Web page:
On the job at the National Science Foundation

Some employees of the taxpayer-funded National Science Foundation are not spending their days doing science. The agency is reportedly plagued with a pornography epidemic.

Employee misconduct investigations, often involving workers accessing pornography from their government computers, grew sixfold last year inside the taxpayer-funded foundation that doles out billions of dollars of scientific research grants, according to budget documents and other records obtained by The Washington Times.

The problems at the National Science Foundation (NSF) were so pervasive they swamped the agency’s inspector general and forced the internal watchdog to cut back on its primary mission of investigating grant fraud and recovering misspent tax dollars.

“To manage this dramatic increase without an increase in staff required us to significantly reduce our efforts to investigate grant fraud,” the inspector general recently told Congress in a budget request. “We anticipate a significant decline in investigative recoveries and prosecutions in coming years as a direct result.”

The budget request doesn’t state the nature or number of the misconduct cases, but records obtained by The Times through the Freedom of Information Act laid bare the extent of the well-publicized porn problem inside the government-backed foundation.

For instance, one senior executive spent at least 331 days looking at pornography on his government computer and chatting online with nude or partially clad women without being detected, the records show.

When finally caught, the NSF official retired. He even offered, among other explanations, a humanitarian defense, suggesting that he frequented the porn sites to provide a living to the poor overseas women. Investigators put the cost to taxpayers of the senior official’s porn surfing at between $13,800 and about $58,000.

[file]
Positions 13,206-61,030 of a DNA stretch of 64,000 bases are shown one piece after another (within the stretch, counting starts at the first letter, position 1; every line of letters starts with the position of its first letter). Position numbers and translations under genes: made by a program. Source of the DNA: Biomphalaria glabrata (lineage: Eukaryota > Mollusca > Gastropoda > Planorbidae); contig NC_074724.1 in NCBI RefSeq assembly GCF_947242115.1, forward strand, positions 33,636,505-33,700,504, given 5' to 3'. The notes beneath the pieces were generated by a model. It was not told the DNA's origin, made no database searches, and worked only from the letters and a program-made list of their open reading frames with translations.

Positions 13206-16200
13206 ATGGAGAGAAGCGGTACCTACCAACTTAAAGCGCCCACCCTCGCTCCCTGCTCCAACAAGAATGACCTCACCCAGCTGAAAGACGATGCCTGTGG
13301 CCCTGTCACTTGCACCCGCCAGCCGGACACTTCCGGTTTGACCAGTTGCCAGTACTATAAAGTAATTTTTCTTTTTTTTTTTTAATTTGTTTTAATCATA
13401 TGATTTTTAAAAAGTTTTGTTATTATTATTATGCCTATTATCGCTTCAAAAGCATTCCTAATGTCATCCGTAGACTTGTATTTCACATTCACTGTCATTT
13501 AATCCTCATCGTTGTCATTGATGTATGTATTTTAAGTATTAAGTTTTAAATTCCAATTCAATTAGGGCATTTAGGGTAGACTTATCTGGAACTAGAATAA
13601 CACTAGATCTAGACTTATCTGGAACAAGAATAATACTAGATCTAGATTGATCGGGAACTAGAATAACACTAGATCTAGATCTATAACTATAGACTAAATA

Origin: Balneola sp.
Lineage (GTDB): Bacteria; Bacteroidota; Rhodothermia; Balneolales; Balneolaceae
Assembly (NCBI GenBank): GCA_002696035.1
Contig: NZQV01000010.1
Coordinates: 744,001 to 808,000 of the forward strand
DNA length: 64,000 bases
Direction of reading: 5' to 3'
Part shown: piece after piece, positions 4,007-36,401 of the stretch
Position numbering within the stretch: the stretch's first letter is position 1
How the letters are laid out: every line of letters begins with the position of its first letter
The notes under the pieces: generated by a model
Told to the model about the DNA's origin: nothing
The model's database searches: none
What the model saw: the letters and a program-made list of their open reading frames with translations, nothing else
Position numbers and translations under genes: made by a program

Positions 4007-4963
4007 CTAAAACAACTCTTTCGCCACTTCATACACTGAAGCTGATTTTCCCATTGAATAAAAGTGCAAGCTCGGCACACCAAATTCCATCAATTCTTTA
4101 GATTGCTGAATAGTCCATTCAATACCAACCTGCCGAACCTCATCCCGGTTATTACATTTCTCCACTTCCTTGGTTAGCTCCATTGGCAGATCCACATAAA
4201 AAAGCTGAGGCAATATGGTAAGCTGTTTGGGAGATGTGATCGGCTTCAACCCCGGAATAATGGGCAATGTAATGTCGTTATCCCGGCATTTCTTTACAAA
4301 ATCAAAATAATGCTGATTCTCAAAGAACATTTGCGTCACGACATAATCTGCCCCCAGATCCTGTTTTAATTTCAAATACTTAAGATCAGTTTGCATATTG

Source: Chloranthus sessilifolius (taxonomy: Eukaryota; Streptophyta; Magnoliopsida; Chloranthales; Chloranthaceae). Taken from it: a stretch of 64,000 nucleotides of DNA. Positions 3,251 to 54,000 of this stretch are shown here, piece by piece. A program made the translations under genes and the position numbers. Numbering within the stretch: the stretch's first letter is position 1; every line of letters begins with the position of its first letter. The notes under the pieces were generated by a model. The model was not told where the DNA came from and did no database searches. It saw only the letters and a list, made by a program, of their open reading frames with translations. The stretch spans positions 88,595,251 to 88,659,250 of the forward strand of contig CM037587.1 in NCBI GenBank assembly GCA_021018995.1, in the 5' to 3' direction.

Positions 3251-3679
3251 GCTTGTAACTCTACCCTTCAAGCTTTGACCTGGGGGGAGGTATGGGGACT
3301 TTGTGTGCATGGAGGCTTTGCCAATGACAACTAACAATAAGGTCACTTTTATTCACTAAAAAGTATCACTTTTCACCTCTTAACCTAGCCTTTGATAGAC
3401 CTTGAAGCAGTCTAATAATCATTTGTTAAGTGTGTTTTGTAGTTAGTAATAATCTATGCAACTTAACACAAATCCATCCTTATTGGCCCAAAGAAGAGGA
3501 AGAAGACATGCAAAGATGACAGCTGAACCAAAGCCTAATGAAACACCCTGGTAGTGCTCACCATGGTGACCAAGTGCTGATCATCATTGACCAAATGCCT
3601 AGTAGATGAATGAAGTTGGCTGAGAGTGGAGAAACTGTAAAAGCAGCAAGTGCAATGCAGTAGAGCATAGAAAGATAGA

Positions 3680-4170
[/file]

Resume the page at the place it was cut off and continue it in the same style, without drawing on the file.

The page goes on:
“He explained that these young women are from poor countries and need to make money to help their parents and this site helps them do that,” investigators wrote in a memo.

The independent foundation, funded by taxpayers to the tune of $6 billion in 2008, is tasked with handing out scientific grants to colleges, universities and research institutions nationwide. The projects it funds ranges from mapping the genome of the potato to exploring outer space with powerful new telescopes. It has a total of 1,200 career employees.

Recent budget documents for the inspector general cite a “6-fold increase in employee misconduct cases and associated proactive management implication report activities.” The document doesn’t say how many cases were involved in the increase, and officials could not immediately provide a figure. . . .

Another employee in a different case was caught with hundreds of pictures, videos and even PowerPoint slide shows containing pornography. Asked by an investigator whether he had completed any government work on a day when a significant amount of pornography was downloaded, the employee responded, “Um, I can’t remember,” according to records.

They do this on the job? While they are being paid?

India probe finds water on the moon

A lunar probe sent off by India has found evidence that the moon has water. That may make a moon colony possible. But it might not be an American colony. I wonder if this breakthrough may signal a shift away from American scientific and technological dominance to that of Asian countries that are doing a better job of educating their children in math and science than we are.

Butterfly in space

Here is a beautiful, evocative picture taken by the Hubble telescope.
vast streams of gas racing at over 600,000mph from a dying star.

Butterfly in Space

This gossamer, delicate image is of streams of gas shooting out at 600,000 m.p.h. from a dying star. The beautiful and the sublime (including Burke’s sense of both the vast and the terrifying) come together.

Photograph of a molecule

Scientists for the first time have managed to take a photographic image of a single molecule:

It may look like a piece of honeycomb, but this lattice-shaped image is the first ever close-up view of a single molecule.

Scientists from IBM used an atomic force microscope (AFM) to reveal the chemical bonds within a molecule.

‘This is the first time that all the atoms in a molecule have been imaged,’ lead researcher Leo Gross said.